Get beyond the hype around AI for asset managers

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Most asset managers believe data and AI will be key to unlocking business value, yet many still see AI as a superficial solution

The hype around artificial intelligence (AI) in financial services is at a fever pitch. Walking through an airport, bookshelves are stocked with shock value titles like “Our Final Invention”, headlines proclaim “Robots could wipe out 1.3 million Wall St jobs in the next ten years,” and forecast over one trillion dollars in cost savings for financial service companies from AI applications by 2023 (Business Insider). No surprise then that companies are placing big bets on AI, with 2.5x growth in spending on AI systems by 2023 to $98B annually (IDC 2019).

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Is this your reality? As with any hyped technology, there's a gap between expectations and realizing returns. Many asset managers have identified use cases for AI, but the execution remains unclear. Like teenage sex, everyone is talking about AI, but very few are doing it. Indeed, 53% of firms say they only have or are planning a “limited” number of AI initiatives, according to a survey we conducted.

Opportunities enabled by AI exist across the asset management value chain, yet on the near term we recommend focusing on two in particular:

Marketing intelligence

  • Consider the daunting routine of an investment analyst. From news analysis to scouring through SEC filings, the time-consuming investment research process makes it a prime candidate for the application of AI. Already some firms are changing analyst workflows through the power of automation. For example, machine learning (ML) and natural language processing (NLP) can give analysts the ability to quickly parse through both historical and new digital data sets by layering on social media, image, spatial and news data to predict a company’s revenue growth, its strength compared to competitors and its ability to pay off debt. AI can also automate behavioral signals like geolocation data on foot traffic or online consumption data to uncover trends in supply and demand.
  • One research analyst told us he can now look at forty companies per week using ML and NLP instead of just four or five per week by manually digging through filings and other reports.
  • Now imagine taking that a step further with semantic knowledge retrieval. An easy way to think about semantic knowledge retrieval is if every research analyst had an imaginary friend who could accurately answer any question asked. For example, ‘What is the impact of interest rates on the tech sector in the future?’ This “friend” can look at all of the historical data and then create a prediction using machine learning to come back with a response about the future. What’s exciting about this is the unexpected patterns and opportunities that are revealed that not only help increase analyst productivity but their insights as well.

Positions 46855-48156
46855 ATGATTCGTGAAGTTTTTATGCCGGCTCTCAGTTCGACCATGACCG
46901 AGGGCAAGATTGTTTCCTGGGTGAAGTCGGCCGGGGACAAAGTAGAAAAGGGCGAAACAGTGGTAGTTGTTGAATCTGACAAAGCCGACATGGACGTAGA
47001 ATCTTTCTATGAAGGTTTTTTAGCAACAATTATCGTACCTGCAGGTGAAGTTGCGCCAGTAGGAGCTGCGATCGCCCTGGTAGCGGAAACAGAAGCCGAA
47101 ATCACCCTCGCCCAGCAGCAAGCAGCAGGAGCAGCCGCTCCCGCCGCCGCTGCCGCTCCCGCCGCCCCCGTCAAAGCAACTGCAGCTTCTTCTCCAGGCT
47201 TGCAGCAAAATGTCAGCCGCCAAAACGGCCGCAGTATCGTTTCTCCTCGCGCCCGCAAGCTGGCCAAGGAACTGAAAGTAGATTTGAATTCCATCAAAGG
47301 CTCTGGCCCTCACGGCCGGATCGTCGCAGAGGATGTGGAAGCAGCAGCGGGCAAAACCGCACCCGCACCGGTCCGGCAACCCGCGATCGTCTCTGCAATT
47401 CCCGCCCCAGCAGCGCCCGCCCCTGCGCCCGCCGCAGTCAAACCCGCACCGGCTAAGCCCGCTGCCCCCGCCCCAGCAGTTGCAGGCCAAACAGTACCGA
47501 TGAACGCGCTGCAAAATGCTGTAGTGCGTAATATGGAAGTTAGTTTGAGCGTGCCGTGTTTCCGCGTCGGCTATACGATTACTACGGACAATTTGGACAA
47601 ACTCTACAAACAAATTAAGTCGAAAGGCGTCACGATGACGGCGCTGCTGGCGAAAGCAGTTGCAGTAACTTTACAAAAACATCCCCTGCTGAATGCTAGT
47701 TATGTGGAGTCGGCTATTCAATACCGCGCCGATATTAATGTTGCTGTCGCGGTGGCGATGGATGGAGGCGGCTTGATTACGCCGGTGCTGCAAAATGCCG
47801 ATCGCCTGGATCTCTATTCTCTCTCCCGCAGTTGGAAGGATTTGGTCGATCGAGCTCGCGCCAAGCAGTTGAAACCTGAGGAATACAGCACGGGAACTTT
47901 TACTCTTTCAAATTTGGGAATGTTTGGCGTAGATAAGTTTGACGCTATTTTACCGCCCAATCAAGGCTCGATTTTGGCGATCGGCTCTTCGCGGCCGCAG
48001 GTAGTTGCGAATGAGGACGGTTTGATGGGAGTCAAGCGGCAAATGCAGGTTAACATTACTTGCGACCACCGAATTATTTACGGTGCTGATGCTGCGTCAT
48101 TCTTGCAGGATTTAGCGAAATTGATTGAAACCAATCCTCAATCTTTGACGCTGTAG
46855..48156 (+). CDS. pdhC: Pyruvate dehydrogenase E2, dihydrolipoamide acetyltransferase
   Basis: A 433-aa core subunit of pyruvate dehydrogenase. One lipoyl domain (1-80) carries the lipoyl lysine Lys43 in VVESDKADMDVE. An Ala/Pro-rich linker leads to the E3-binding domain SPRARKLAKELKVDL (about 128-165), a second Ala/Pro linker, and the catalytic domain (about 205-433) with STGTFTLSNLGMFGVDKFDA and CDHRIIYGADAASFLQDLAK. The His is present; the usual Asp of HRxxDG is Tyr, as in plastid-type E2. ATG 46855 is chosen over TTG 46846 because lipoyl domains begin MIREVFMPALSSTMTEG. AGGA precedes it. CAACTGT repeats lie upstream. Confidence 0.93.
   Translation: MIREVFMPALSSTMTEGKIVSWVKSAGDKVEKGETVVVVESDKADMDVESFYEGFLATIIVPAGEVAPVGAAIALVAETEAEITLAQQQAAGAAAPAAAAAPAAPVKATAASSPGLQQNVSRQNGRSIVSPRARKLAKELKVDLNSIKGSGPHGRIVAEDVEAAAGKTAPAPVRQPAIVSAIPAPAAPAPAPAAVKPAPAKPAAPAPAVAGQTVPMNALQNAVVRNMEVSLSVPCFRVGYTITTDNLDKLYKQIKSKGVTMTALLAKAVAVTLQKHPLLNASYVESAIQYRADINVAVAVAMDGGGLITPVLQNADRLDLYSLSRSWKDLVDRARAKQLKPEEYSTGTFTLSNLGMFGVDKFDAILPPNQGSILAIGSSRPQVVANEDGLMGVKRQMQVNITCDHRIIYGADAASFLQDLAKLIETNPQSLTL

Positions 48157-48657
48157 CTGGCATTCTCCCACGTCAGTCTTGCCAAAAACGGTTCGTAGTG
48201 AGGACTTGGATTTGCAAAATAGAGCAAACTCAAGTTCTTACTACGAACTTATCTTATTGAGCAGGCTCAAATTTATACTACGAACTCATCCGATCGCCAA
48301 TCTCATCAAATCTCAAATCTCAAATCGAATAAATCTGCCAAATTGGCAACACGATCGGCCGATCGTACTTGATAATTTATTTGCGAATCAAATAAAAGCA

Customer segmentation

  • Your customers have become accustomed to very personal experiences thanks to customer-obsessed retail giants like Amazon. Asset managers taking a similar path will have a leg up. AI offers this opportunity. Working with one firm, we combined user profiles with transactional information and user behavior from mobile and web usage to create user segments with machine learning for much more precise targeting. However, for this targeting to work, we also needed to segment content, meaning articles like thought leadership and products and offers to cross-sell or upsell. Once segmented, it is easier to match the users to the content. This new approach helped the firm improve its offer acceptance rate from 33 percent to 76 percent. This was not only valuable for the company in terms of incremental revenue, but also provided a better customer experience and more engaging experience as an investor.

Three steps to winning with AI:

  1. Get the data right first. Machines, not humans are creating the logic based on the data they are given. Data is the input, not the output, and given the growing availability and volume of data involved, it is critical to plan for the quality control and data management required.
  2. Adopt a platform mindset. Asset management technologists are used for building applications. If you take the time to build a platform first, you can run experiments, build models and deploy in weeks instead of months with less provisioning time and engineering cost.
  3. Start small and demonstrate ROI. Focus on the types of delivery that are less complex and offer value today like machine learning and robotic process automation. Ultimately, getting this start will help align the company and enable more ambitious use cases with longer timeframes in your transformation journey.

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